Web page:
Smarter brains are blood-thirsty brains

UT study cracks coldest case: How the most famous human ancestor died

Scientists think human ancestor Lucy fell from a tree




Memory Foam Mattress Review
Newsletters :: SpaceDaily :: SpaceWar :: TerraDaily :: Energy Daily
XML Feeds :: Space News :: Earth News :: War News :: Solar Energy News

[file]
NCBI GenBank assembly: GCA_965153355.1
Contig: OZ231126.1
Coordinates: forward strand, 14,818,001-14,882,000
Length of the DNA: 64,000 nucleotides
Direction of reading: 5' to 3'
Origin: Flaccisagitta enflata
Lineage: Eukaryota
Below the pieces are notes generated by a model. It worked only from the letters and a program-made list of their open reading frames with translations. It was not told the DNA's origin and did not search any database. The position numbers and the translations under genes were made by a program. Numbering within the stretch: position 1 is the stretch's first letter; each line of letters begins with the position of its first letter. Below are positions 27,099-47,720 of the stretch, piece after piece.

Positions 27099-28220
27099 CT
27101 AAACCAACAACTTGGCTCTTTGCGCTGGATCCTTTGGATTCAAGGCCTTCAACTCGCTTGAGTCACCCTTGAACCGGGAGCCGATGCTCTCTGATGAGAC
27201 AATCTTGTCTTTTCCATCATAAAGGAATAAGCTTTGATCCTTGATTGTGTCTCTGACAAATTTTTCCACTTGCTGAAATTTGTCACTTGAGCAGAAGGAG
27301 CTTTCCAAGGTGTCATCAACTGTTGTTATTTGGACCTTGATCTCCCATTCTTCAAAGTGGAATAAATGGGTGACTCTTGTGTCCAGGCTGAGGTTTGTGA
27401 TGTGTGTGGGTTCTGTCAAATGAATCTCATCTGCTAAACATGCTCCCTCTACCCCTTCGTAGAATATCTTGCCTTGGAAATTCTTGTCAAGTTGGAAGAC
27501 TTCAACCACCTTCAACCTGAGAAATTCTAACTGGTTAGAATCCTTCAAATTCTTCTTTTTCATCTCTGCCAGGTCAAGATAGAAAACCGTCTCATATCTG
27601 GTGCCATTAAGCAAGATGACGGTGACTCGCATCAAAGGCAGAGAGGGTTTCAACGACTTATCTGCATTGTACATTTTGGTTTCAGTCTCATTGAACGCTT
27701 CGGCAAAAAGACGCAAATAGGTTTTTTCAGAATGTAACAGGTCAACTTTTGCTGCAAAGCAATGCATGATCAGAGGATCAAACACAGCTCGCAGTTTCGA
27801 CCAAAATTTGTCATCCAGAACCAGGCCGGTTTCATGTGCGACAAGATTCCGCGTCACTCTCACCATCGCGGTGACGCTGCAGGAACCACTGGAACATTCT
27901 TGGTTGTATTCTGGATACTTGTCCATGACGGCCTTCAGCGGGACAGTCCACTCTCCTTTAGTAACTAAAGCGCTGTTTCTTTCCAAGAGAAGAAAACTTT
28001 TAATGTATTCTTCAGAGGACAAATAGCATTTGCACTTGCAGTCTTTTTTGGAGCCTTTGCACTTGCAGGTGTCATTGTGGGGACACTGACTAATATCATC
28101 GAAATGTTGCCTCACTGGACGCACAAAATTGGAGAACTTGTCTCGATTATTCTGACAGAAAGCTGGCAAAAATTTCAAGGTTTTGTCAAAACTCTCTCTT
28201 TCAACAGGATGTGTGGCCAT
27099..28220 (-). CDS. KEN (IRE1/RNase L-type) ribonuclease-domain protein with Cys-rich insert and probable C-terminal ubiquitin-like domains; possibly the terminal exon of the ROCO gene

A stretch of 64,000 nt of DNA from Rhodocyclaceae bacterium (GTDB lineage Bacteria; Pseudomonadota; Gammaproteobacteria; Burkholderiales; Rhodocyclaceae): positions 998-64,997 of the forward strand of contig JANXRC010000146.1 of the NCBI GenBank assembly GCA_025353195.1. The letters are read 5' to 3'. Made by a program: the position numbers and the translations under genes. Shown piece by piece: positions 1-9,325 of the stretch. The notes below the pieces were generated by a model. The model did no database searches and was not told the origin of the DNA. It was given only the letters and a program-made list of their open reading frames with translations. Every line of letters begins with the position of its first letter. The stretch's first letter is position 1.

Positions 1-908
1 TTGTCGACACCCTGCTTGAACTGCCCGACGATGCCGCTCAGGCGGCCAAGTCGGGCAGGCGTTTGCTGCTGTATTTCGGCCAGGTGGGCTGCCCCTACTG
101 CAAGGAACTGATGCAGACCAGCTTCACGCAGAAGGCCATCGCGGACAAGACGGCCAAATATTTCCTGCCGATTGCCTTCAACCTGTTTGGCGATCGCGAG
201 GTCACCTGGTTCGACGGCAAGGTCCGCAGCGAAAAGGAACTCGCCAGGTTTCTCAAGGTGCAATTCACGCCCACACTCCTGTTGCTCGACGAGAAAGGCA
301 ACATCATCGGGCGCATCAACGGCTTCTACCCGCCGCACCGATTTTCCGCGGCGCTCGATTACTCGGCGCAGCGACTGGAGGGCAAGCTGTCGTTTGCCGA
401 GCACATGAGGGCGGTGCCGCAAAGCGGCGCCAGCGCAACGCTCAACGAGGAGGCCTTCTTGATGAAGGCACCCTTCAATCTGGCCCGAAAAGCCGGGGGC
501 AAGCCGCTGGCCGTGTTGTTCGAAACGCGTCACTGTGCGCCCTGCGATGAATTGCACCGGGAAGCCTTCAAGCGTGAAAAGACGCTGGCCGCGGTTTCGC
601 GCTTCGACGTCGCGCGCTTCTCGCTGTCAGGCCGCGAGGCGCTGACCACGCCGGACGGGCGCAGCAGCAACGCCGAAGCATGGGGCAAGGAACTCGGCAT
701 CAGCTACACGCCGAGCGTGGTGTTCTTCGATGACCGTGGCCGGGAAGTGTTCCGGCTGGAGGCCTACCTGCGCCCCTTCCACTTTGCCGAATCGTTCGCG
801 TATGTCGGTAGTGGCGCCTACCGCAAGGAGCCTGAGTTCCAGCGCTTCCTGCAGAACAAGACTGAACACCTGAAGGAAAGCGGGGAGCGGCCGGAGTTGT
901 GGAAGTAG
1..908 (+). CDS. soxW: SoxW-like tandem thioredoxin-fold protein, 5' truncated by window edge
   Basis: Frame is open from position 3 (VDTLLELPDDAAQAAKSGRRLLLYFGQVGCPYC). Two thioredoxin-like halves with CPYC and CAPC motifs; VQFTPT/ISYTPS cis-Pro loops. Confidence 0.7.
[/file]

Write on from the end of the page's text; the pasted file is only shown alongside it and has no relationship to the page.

The content herein, unless otherwise known to be public domain, are Copyright 1995-2017 - Space Media Network. All websites are published in Australia and are solely subject to Australian law and governed by Fair Use principals for news reporting and research purposes. AFP, UPI and IANS news wire stories are copyright Agence France-Presse, United Press International and Indo-Asia News Service. ESA news reports are copyright European Space Agency. All NASA sourced material is public domain. Additional copyrights may apply in whole or part to other bona fide parties. All articles labeled "by Staff Writers" include reports supplied to Space Media Network by industry news wires, PR agencies, corporate press officers and the like. Such articles are individually curated and edited by Space Media Network staff on the basis of the report's information value to our industry and professional readership. Advertising does not imply endorsement, agreement or approval of any opinions, statements or information provided by Space Media Network on any Web page published or hosted by Space Media Network. Privacy Statement